March 24, 2022

Pay-to-Play Compliance Update: Delaware County Most Recent Locality to Institute New Pay-to-Play Regulations

Starting April 1, 2022, Delaware County will join the growing number of municipalities and localities implementing increased pay-to-play regulations. As reported back in January 2022, this is one more instance within a larger trend of pay-to-play regulations continuing to move local.

These localized rules and amendments add to the complexity for firms, as they adapt to navigating federal, state, and local regulations. And as we enter Q2 of a mid-term election year, firms face mounting scrutiny of their employees’ political contribution activity and disclosures.

In the case of Delaware County, the latest requirement amends existing code 6-12 to include additional pay-to-play disclosure regulations for county contractors.

Most notably, the definition of contractor under this new amendment includes “any non-governmental person, corporation, partnership, association or other entity, whether or not for profit, and includes any subcontractor which is reasonably anticipated to receive compensation of $50,000 or more under the applicable covered contract.”

Required disclosures for Political Contributions in Delaware County include:

  • Contractors must submit any reportable political contributions at least 8 days prior to their meeting. Reportable contributions include any contributions within the last 2 years or 24 months.
  • “All invitations to bid, requests for proposal or other contract solicitations by the County for covered contracts shall include a requirement that all bidders/respondents provide the required disclosure form. All covered contracts shall provide the right to void the contract as set forth in this Section 6-12.E.”
  • Contractors in a covered contract which extends beyond one year must submit annual reports no later than January 30th noting any political contributions made within the last year. This amendment will go into effect January 30, 2023.

Penalties for nondisclosure are as follows: “Any contractor which fails to provide the disclosure forms required hereby or which submits disclosure forms which are materially inaccurate may be banned as a contractor or subcontractor to the County for a period of up to three (3) years, and/or, to the extent legally permitted, the covered contract in question may be terminated, in each case, by a majority vote of County Council following such investigation and consideration of such evidence as County Council deems appropriate or by action of such other entity or body as may be designated by resolution of County Council.”

The Delaware County amendment is another example of the ways that firms - even in non-election years - must navigate a maze of increasingly complex political contribution compliance requirements.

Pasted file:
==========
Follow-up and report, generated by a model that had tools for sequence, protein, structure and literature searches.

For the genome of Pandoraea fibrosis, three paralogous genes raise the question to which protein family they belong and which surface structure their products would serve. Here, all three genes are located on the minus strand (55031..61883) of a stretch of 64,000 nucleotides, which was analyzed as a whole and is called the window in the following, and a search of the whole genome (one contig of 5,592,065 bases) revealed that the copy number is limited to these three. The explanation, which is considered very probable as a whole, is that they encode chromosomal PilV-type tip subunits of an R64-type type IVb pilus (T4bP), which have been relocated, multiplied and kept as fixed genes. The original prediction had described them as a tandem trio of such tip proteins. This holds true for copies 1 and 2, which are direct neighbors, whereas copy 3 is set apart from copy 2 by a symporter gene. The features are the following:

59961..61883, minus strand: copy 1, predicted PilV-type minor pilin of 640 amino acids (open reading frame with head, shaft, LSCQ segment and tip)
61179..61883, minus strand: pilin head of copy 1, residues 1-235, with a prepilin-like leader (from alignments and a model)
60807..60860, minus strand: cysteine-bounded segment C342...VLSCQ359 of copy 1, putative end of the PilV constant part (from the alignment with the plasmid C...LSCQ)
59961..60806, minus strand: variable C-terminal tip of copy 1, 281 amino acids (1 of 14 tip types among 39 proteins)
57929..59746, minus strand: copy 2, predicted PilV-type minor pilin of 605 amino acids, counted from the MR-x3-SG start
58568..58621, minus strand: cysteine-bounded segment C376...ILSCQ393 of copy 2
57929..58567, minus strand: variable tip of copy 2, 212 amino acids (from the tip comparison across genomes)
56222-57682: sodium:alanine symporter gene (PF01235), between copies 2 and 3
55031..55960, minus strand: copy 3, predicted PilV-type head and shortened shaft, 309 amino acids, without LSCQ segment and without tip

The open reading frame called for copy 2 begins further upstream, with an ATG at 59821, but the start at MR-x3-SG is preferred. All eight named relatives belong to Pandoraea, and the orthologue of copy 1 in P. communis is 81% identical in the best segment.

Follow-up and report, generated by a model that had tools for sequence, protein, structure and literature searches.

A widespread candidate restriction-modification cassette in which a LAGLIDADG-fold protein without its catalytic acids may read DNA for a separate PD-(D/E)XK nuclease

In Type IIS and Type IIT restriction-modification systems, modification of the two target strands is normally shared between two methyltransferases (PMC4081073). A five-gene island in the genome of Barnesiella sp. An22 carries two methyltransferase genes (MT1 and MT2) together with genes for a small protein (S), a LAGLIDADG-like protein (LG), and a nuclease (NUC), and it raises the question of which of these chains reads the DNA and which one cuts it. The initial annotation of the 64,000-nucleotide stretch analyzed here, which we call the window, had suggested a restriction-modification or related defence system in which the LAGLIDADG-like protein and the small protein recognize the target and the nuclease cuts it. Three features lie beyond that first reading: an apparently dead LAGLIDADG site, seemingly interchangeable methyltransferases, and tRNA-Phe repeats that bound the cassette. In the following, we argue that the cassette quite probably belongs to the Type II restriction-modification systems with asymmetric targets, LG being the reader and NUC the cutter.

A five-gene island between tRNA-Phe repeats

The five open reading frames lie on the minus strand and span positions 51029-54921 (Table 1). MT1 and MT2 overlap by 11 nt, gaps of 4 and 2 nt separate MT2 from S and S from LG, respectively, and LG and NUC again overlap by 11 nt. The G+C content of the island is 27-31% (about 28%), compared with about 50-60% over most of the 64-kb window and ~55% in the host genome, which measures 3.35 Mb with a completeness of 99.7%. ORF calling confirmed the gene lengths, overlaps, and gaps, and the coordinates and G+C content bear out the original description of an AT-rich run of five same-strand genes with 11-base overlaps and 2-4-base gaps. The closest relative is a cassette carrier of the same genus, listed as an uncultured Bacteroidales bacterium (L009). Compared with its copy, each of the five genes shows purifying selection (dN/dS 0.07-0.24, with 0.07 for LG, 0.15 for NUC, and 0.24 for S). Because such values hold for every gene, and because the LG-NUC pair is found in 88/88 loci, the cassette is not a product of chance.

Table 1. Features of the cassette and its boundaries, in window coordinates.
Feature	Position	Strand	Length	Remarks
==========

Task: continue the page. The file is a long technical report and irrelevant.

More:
At illumis, we provide the leading monitoring solution to help reduce risk and increase transparency around pay-to-play rules. Our platform continues to set the standard, with cutting-edge technology to help ensure comprehensive coverage. Interested in a demo of the illumis Compliance platform? Click here or email

Political contributions made by firm employees pose a significant threat to investment advisory firms. And even firms with the best compliance teams can be at risk of violating pay-to-play regulations, like the Securities and Exchange Commission’s (SEC) rule 206(4)-5, given the complexity of the rules and the myriad of regulations to which firms must comply.

Because of this, investment firms must arm themselves with the access to and support of real-time data, which can help identify potential violations and anomalies in the political donation process.

By leveraging real-time data, investment firms can quickly detect suspicious or unauthorized activities and take prompt action to prevent pay-to-play violations.

SEC Rule 206(4)-5 is arguably the most well known regulation regarding political contributions compliance or pay-to-play compliance. However, it certainly isn’t the only regulation to which firms must comply.

In fact, beyond federal regulations, firms which take part in government contracted work must contend with numerous and varied state and local regulations as well. Such regulations present unique challenges because of the various requirements within each, which should they be neglected, can cause significant financial and reputational damage.

While it would be almost too easy to treat the Securities and Exchange Commissions’ (SEC) pay-to-play rule 206(4)-5 as a special requirement implemented only during election years, that mistake can cause serious, firm-wide damages. In fact, for investment firms, establishing a compliance program which actively and regularly incorporates compliance with the SEC pay-to-play rule is essential to avoiding fines, sanctions, lockout periods, loss of revenue and a damaged reputation.